IBM researchers have developed a super-efficient chip inspired by the functioning of the human brain. Named TrueNorth, the chip features 5.4 billion transistors arranged in a network of 4,096 neurosynaptic cores, yielding the equivalent of one million neurons and 256 million synapses. Despite being one of the largest CMOS chips ever built, TrueNorth consumes just 70mW during Read more…
In this video from Hot Chips 25, Dr. Robert Colwell of DARPA delivers an insightful overview on the “looming issue” that is the death of Moore’s law. Colwell starts out with the humorous point that “physics doesn’t care what we believe.” Believing that Moore’s law – Gordon Moore’s 1965 observation that a chip’s transistor count doubles Read more…
As transistors reach the limits of miniaturization, it is only a matter of time until Moore’s Law runs out of steam. The latest expert to weigh-in says Moore’s Law will expire in 2020 at the 7nm node.
<img style=”float: left;” src=”http://media2.hpcwire.com/hpcwire/STARnet_logo_120x.jpg” alt=”” width=”94″ height=”116″ />The Defense Advanced Research Projects Agency (DARPA) and the Semiconductor Research Corporation (SRC) have launched a new consortium to advance the pace of semiconductor innovation in the US as the technology approaches the limits of miniaturization. The main thrust of the project is the creation of the Semiconductor Technology Advanced Research Network, aka STARnet.
<img style=”float: left;” src=”http://media2.hpcwire.com/hpcwire/Cray_XC30_small.jpg” alt=”” width=”95″ height=”86″ />AMD-loving Cray has launched the XC30 supercomputer, a product line that will be powered by Intel Xeon processors. The platform is based on the company’s “Cascade” architecture, which is designed to bring a variety of processors and coprocessors under a common infrastructure. XC will become Cray’s flagship computing platform as it phases out its XE and XK line over the next year or so.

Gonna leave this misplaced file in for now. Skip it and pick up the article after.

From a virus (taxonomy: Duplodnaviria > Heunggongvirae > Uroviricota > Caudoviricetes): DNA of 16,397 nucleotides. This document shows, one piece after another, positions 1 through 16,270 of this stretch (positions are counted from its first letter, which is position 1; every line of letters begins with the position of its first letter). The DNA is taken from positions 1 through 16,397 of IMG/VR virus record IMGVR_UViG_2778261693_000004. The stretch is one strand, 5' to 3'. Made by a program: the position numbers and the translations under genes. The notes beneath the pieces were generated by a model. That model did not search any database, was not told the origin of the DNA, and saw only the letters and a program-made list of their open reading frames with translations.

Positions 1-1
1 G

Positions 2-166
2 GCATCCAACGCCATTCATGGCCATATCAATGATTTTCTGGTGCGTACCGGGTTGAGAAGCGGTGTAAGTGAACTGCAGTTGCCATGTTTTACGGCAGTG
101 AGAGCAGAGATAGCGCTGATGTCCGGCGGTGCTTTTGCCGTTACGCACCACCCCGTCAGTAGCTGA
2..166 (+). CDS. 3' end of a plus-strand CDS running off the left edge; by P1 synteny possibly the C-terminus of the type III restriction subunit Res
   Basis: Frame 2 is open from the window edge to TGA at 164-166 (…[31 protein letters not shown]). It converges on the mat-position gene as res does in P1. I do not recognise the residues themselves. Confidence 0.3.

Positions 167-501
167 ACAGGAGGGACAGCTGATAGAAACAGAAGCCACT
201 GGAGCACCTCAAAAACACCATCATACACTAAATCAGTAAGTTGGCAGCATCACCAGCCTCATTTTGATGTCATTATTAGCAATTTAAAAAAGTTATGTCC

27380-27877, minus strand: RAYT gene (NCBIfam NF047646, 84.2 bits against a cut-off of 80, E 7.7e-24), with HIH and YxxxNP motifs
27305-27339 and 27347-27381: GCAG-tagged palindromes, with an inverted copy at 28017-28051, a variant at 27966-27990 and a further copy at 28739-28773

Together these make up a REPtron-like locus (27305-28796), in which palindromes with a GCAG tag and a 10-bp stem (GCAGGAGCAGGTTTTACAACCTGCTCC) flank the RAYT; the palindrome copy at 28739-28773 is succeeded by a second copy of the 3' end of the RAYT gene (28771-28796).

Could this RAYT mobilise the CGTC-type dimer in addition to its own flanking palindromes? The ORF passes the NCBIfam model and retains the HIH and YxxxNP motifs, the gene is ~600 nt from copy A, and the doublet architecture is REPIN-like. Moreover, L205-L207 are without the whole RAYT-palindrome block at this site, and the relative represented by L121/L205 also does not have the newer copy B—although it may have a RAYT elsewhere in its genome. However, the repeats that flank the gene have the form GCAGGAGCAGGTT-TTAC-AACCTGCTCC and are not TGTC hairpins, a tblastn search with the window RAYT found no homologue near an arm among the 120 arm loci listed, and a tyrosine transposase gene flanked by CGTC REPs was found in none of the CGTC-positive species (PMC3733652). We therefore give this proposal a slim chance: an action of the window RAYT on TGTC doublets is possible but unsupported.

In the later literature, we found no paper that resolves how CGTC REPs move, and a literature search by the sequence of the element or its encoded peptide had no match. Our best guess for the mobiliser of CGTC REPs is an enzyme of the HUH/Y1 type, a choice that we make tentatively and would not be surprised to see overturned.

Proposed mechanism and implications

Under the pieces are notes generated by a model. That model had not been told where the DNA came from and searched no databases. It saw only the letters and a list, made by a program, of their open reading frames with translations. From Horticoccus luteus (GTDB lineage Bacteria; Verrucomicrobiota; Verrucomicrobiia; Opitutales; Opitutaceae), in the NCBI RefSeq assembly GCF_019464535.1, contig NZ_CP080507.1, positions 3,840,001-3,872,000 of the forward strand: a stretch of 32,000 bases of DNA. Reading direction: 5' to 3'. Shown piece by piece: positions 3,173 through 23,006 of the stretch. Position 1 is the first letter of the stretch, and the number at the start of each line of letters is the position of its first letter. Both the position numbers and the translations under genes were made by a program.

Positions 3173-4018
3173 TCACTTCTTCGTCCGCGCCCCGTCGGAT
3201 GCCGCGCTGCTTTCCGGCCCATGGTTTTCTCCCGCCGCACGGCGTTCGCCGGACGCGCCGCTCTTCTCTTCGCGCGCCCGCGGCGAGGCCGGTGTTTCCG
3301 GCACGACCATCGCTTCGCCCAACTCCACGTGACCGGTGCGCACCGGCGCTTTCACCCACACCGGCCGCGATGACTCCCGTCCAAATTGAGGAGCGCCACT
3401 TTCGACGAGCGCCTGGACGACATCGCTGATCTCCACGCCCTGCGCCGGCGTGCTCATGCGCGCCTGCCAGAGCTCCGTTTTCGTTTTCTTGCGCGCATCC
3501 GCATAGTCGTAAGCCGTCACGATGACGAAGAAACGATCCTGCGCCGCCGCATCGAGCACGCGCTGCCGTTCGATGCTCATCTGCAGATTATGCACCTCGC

Fortress programming language gets axed by Ellison and company.
<img style=”float: left;” src=”http://media2.hpcwire.com/hpcwire/NERSC_logo_small.png” alt=”” width=”118″ height=”37″ />The US Department of Energy’s National Energy Research Scientific Computing Center (NERSC) has ordered a two-petaflop “Cascade” supercomputer, Cray’s next-generation HPC platform. The DOE is shelling out $40 million dollars for the system, including about 6.5 petabytes of the company’s Sonexion storage. Installation is scheduled for sometime in 2013.
The Ubiquitous High Performance Computing initiative from DARPA is sparking a rethink of data movement efficiency.
Federal R&D money could be an easy target for cost-cutting with latest legislation.
The Weekly Top Five features the five biggest HPC stories of the week, condensed for your reading pleasure. This week, we cover the Cray/Sandia partership to found a knowledge institute; RenderStream’s FireStream-based workstations and servers; NVIDIA’s latest CUDA centers; Reservoir Labs and Intel’s extreme scale ambitions; and Jülich Supercomputing Centre’s new hybrid cluster.